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Wednesday, October 5, 2022
NOTL to face off in court with Marotta companies — again
Trucks haul away trees that were cut down on the Rand Estate in November 2018.
Trucks haul away trees that were cut down on the Rand Estate in November 2018. SUPPLIED/JOY JANZEN

Legal battle over clear-cutting on Rand property faces Charter challenge by developer


The Town of Niagara-on-the-Lake is poised to once again face off with developer Benny Marotta’s companies in court in September and October.

This time the legal battle is over the clear-cutting of trees on the Rand Estate on Nov. 6, 2018.

But the first case, set for Sept. 12 at the courthouse in Welland, is a Charter of Rights challenge by Marotta’s lawyers who are questioning the town’s right to prosecute the companies for cutting down the trees.

In an email to group followers, Save Our Rand Estate, a vocal resident group that has opposed Marotta’s plans for the Rand Estate at just about every step, said the constitutional challenge is “to the surprise of no one who has followed the Marotta legal tactics on the Rand Estate.”

Lyle Hall, a spokesperson for SORE, said the group hasn’t seen any materials filed with the court with respect to the Charter challenge, ”so we have no position on the merits of the challenge.”

“It does, however, continue a predictable and unfortunate pattern for the Marotta companies, of exploiting the legal system to the fullest possible extent rather than dealing with the merits of the case,” Hall said in an emailed response to questions from The Lake Report.

“Just look at the town’s designation of the Rand Estate under the Heritage Act in 2018,” he said.

“The Marotta group both appealed the designation to the Conservation Review Board as well as challenged the legality of the designations in Superior Court — for almost three years — then abandoned both proceedings.”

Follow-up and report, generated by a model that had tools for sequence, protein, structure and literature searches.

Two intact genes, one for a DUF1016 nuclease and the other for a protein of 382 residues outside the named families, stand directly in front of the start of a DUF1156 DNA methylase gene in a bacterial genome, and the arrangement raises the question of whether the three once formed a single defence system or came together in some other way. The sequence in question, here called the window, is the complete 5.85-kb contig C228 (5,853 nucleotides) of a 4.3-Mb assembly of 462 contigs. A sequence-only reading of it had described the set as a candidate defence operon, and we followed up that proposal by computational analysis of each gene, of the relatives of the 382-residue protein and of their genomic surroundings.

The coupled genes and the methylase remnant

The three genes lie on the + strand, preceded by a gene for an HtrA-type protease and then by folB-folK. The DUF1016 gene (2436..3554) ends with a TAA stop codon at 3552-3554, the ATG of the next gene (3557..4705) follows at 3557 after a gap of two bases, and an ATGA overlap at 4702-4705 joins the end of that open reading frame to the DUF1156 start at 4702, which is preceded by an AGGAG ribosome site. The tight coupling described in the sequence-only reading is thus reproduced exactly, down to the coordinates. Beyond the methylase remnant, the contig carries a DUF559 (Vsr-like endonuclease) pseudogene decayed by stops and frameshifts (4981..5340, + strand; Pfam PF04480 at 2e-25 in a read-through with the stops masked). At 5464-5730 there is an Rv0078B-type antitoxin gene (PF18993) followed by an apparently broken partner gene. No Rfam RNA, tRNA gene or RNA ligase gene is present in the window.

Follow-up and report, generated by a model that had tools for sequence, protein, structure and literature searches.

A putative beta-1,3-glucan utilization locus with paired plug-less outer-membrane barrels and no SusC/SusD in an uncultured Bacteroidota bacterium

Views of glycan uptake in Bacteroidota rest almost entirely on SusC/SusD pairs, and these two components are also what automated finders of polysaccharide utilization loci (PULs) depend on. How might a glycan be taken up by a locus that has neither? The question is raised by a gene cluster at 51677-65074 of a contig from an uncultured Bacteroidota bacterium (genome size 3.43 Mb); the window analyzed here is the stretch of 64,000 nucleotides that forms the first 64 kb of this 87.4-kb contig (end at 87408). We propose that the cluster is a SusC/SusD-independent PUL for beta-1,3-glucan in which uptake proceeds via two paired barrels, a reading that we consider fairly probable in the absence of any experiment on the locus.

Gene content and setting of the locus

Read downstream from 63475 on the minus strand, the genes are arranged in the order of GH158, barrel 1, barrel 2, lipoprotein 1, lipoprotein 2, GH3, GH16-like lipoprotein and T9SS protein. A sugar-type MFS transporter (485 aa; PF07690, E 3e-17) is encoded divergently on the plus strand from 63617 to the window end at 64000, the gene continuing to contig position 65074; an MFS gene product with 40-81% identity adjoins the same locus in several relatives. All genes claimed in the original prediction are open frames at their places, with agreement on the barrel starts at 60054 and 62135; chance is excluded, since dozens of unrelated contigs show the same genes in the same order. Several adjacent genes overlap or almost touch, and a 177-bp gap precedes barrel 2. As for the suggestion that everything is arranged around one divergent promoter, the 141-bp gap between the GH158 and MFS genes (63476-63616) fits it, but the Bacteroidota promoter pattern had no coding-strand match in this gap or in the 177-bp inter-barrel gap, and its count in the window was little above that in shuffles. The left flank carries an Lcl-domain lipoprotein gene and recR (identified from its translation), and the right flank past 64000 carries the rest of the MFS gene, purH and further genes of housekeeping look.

In past legal battles between Marotta and the town, SORE has had third-party status in the cases.

This time SORE members are not involved in the legal proceedings except as observers.

Marotta did not respond to attempts to reach him for comment before deadline.

In 2018, Marotta, owner of the four Rand Estate properties, said the trees were only removed from 200 John St. and that he believed he was within his legal rights to clear the land.

He said the clearing of the trees was permitted under the town’s bylaws and by the Niagara Peninsula Conservation Authority.

He said he was unsure exactly how many trees were taken down.

“We didn’t count them but whatever we feel needs to go down, we’ll take it down,” Marotta told The Lake Report at the time.

Hall said SORE believes the ideal outcome is for Marotta to be forced to restore the heritage aspects he removed from the property.

“The Heritage Act provides for restoration of any illegally destroyed/damaged heritage attributes, at the owner’s expense, in the event of a conviction under the act,” Hall said.

“It is SORE’s understanding and our expectation that the town will pursue such restoration, 100 per cent of the costs of which will be the responsibility of the Marotta companies, in the event (the town) is successful.”

The clear-cutting of the trees was “senseless environmental destruction,” Hall said.

Aside from that, he said SORE members believe Marotta intentionally cut the trees in a rush after the 2018 municipal election, before the new council came into power, headed by Lord Mayor Betty Disero — who largely ran on a position of heritage protection, with an emphasis on protecting the Rand Estate.

“What is obvious … is the Marotta group’s use of heavy machinery to deliberately clear-cut what both the town and SORE believed was protected heritage landscape. These cultural heritage attributes of the Rand Estate, including the extensive Dunnington-Grubb designed landscape design, apparently were not given so much as a second thought,” Hall said.

“These attributes were legally protected as of August 2018 when the previous council approved the notices of intent to designate Randwood under the new mayor and council. And before that council took office, Marotta commenced the clear cut.”

“Extensive expert advice” was submitted by the town and SORE for the Conservation Review Board proceedings about the nature and extent of the Dunnington-Grubb landscape features, Hall said.

As with any legal matter, a defendant is “entitled to bring whatever court challenge they wish. That doesn’t mean it has any merit,” he said.

“The Marotta challenges to the legality of the town’s heritage designation bylaws of the Rand Estate were found by the Superior Court to be completely without merit,” he added.

“Following that decision, the Marotta companies paid significant costs to both the town and SORE as a consequence.”

The trial dates for prosecution are set for Oct. 17, 18, 24 and 25.